Public sector prepaid debit cards are a phenomenon that’s set to swell the numbers of prepaid users across the U.S. -- as long as issuers can quell consumers concerns regarding hidden fees, as well as issuer concerns about fraud and a lack of profitability. Prepaid providers also have some qualms about fraud, but these are being addressed.
The Treasury Department has mandated that by 2013 all federal benefits programs – ranging from Social Security and SSI to veteran affairs and railroad retirement – go electronic. For some recipients, that will mean receiving funds through direct deposit into bank accounts, but many will sign up for debit cards that are jointly sponsored by the government and a partnering bank.
Federal benefits – other than public assistance – will be offered on the Direct Express Debit MasterCard, which is issued by Comerica Bank. Already more than 1.5 million beneficiaries have signed up for the card – and that number is expected to grow swiftly.
“We had legislation in the mid ‘90s that gave us the authority to require electronic payment. We started out by designing a product called Electronic Transfer Account (ETA),” said Walt Henderson, director of the EFT Strategy Division at the Department of Treasury. “In the mid 2000s, when the prepaid market came into its own, we did a successful pilot of prepaid cards in the state of Illinois with SSI recipients and that helped us define the prepaid product that would be appropriate for federal benefit recipients. That lead us to Comerica Bank as financial [issuer] and the Direct Express prepaid card.”
In the past decade, the federal government also took public assistance programs electronic – with the Supplemental Nutritional Assistance Program (SNAP, also known as Food Stamps) and Medicaid, – going electronic. These cards were not associated with the major payment networks like Visa and MasterCard, but they worked the same way and helped solidify the role of public sector recipient and payment cards in general.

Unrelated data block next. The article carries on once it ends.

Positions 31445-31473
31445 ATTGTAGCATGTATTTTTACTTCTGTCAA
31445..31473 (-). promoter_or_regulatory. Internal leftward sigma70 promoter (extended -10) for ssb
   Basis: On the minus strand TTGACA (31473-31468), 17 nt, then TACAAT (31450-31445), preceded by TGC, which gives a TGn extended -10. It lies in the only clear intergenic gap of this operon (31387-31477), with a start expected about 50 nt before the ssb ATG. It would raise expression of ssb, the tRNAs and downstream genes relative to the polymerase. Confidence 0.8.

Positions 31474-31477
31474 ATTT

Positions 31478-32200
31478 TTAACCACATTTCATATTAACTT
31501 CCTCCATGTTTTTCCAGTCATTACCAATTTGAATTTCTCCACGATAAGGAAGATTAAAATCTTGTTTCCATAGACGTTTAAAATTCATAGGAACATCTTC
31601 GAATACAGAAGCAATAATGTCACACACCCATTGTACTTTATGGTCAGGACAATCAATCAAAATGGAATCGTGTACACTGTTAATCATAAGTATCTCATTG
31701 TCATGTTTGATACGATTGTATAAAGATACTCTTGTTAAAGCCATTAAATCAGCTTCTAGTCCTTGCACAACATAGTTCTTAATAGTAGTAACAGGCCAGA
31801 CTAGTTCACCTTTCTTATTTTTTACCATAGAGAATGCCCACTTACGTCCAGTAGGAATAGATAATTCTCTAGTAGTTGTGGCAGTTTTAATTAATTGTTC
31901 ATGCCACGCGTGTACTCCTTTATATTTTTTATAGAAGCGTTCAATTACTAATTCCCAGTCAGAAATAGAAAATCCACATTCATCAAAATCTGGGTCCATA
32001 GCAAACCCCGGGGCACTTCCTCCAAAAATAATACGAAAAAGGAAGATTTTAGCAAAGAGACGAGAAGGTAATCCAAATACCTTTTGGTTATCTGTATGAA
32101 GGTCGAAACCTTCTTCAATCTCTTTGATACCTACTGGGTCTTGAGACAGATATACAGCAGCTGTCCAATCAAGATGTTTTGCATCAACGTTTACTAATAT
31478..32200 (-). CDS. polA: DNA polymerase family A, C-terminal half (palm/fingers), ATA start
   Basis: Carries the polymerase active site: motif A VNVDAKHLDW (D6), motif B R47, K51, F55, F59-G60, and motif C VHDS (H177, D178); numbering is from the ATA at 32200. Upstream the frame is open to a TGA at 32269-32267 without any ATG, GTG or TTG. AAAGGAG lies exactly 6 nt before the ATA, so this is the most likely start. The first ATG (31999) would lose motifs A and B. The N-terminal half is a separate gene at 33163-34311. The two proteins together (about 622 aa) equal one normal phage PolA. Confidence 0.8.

This year, the U.S. Treasury Department also announced a pilot program in partnership with prepaid provider Green Dot Corp. that enables low and moderate-income Americans to receive their tax refunds via prepaid debit card. The Treasury Department sent letters to 600,000 potential recipients inviting them to join the program for their 2010 tax refunds.
The partnership could swell Green Dot’s user numbers by a half million in one quarter with cardholders placing much larger amounts of money on their card than are typically done in prepaid programs. Most prepaid debit cards hold a couple of hundred dollars in load at any given time.
In the meantime, dozens of state programs are trialing state tax refunds on debit cards – and others are going further with retirement benefits and even child support payments. In fact, the state of Nebraska Child Support Payment Center issued payments on prepaid debit cards, with 97% of all payments going either direct deposit into banks or onto prepaid cards, taking the cost of processing payments from $385,000 to $26,700 in 2010, according to the state.